Spotlight on Faculty: Sung-Yeul Park
By Brianna Diaz
In the fall of 2009, the Department of Electrical & Computer Engineering and the Center for Clean Energy Engineering (C2E2) welcomed Dr. Sung-Yeul Park as an assistant professor. Dr. Park’s current research addresses vital issues pertaining to energy, including renewable energy power conditioning systems, utility grid integration, and energy storage, but this was not always his primary area of interest.
Dr. Park, who received his M.S. and Ph.D. degrees in electrical engineering from the Virginia Polytechnic Institute and State University as well as a B.S. in control and instrumentation engineering from Hoseo University in South Korea, was originally interested in working in the field of robotics. “I fell into [energy research] by chance,” he said. “But by the time I was finishing my Ph.D., I realized that energy was a good place to focus my attention.”
At UConn, Dr. Park’s work has focused primarily on power conditioning and conversion of different energy sources to be used in a “Smart Grid” power system. Unlike the current energy network, the Smart Grid system will be capable of accepting energy from a wide range of power sources — from wind, solar, and fuel cells to coal and natural gas — and intelligently managing the power network to ensure proper utilization. The capabilities of the Smart Grid allow it not only to sense system overloads and quickly reroute power to prevent power outages, but also to provide better quality power sources free of spikes and disturbances.
For Dr. Park, UConn is an ideal home for his research because of the unique niche he fills. Before his arrival, the university lacked a researcher with academic and research expertise in power electronics. Because of the distinctive perspective he brings to UConn, Dr. Park can enjoy a certain level of freedom that many first-year faculty rarely experience. “Coming to UConn allowed me to start with a new plan for teaching and research,” Park explained. “I can design my classes and research projects for students from scratch, and incorporate components of renewable energy, power networking, and efficient energy utilization into the curriculum.”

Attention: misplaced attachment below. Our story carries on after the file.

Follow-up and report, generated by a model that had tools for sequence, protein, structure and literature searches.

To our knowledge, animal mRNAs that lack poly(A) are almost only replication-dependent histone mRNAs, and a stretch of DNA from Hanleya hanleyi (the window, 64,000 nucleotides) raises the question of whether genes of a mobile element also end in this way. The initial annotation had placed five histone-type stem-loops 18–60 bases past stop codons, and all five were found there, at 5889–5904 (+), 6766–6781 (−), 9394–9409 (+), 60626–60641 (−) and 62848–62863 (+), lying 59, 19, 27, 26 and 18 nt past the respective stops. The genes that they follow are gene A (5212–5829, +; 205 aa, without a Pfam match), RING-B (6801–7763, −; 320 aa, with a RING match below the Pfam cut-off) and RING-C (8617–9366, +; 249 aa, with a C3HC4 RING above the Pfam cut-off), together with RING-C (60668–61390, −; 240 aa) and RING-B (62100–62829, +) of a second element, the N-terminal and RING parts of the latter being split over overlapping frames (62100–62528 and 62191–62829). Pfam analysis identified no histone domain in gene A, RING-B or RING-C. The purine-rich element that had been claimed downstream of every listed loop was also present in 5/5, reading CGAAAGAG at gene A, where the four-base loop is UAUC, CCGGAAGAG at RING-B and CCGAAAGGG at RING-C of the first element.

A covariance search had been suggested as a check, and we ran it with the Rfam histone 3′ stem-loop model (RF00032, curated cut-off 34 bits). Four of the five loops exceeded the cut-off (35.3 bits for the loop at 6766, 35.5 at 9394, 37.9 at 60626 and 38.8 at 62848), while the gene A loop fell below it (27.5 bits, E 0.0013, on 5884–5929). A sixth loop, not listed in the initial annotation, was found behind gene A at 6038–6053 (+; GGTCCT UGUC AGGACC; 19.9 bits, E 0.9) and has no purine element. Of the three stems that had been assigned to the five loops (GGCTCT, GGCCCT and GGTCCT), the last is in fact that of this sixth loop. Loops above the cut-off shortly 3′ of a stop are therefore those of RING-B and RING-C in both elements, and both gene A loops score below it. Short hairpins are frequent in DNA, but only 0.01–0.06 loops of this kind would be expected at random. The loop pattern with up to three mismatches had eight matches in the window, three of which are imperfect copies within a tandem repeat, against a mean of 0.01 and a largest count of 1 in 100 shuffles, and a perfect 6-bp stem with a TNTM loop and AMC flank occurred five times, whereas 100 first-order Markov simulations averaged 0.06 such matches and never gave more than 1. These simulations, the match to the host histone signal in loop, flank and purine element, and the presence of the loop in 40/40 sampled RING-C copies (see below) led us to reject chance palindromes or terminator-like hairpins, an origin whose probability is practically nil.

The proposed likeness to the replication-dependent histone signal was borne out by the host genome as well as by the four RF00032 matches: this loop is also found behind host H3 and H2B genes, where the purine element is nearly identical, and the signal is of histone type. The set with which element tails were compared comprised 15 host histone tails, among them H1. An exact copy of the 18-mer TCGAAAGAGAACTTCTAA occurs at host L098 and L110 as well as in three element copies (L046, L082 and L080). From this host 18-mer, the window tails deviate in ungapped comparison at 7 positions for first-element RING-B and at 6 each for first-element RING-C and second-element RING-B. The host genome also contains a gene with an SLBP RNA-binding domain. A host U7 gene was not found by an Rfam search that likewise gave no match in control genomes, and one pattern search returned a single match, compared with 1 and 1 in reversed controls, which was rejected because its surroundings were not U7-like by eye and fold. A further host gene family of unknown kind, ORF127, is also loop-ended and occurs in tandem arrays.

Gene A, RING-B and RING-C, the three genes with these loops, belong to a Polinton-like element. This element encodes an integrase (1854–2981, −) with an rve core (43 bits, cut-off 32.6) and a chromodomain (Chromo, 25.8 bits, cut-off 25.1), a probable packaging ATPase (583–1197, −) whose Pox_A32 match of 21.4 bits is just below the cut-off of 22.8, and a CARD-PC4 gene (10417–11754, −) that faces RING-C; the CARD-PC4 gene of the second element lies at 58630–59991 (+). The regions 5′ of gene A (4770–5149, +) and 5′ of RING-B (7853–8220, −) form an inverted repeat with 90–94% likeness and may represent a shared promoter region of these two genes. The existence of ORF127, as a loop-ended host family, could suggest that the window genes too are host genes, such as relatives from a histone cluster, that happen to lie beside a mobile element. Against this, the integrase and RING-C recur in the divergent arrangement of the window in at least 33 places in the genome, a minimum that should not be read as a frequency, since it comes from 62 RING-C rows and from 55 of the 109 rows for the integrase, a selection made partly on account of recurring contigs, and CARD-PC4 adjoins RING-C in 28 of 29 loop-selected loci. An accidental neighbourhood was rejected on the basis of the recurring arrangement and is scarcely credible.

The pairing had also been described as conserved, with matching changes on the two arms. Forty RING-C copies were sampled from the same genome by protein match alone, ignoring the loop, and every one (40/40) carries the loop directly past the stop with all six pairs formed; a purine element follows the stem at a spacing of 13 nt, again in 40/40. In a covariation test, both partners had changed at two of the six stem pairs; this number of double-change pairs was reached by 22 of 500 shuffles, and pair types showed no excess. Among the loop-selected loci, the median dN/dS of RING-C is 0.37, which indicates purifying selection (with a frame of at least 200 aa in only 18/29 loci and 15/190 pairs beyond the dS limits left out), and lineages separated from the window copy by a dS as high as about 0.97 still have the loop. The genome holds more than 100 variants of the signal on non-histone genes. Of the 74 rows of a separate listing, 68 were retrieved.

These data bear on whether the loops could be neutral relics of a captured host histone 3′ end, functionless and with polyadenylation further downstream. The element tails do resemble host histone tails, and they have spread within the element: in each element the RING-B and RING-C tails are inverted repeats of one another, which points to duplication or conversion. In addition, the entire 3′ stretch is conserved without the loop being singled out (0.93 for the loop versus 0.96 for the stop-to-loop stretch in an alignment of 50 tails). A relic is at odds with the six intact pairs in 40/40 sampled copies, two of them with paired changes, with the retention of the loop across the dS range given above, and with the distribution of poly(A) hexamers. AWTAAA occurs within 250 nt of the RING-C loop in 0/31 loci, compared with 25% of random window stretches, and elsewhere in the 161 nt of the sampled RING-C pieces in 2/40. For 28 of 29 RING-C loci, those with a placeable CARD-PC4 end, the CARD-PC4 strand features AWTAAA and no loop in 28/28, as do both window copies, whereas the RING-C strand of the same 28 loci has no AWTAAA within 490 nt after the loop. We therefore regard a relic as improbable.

Although Dr. Park’s classes sometimes focus on broad concepts in electrical engineering, he strives to provide students examples of how classroom topics can be applied to studies in energy. “Although I came from outside of the field of energy, I would like to train my students to take an interest in energy issues.”
In addition, Park’s research fits well with the newly proposed Green Campus Initiative. This initiative resulted from UConn President Michael Hogan’s signing of the American College and University Presidents Climate Commitment, which commits the university to achieve carbon neutrality by 2050.
“The project will execute a university-supported vision to transition the Depot Campus into a ‘Green Campus,’ meaning that it will rely more heavily on renewable resources,” said C2E2 Director Prabhakar Singh. “The initiative will allow the center to not only model new energy systems at a community level through partnerships with Connecticut industry, but also to educate students at a systems level.”
“This idea is very interesting to me,” Dr. Park said. “My research area is part of the Green Campus Initiative in that it addresses how we can integrate and manage the different types of energy sources supplied to the power grid.”
Above all, Dr. Park’s research has allowed him to create unique opportunities for his graduate and undergraduate students. One of these projects includes working on battery-powered electric vehicles that were donated to C2E2 by the Connecticut Department of Transportation. Working with these vehicles gives his students hands-on experience in applying the principles learned in the classroom to practical application. “It is not part of my research, but I would like my students to be exposed to this experience,” Dr. Park said. “The most important part of teaching is to make the students feel excited about what they are doing and to have fun during these activities, so that they will stay interested in this field of research. If a task is too difficult or they do not find it practical, students will lose interest.”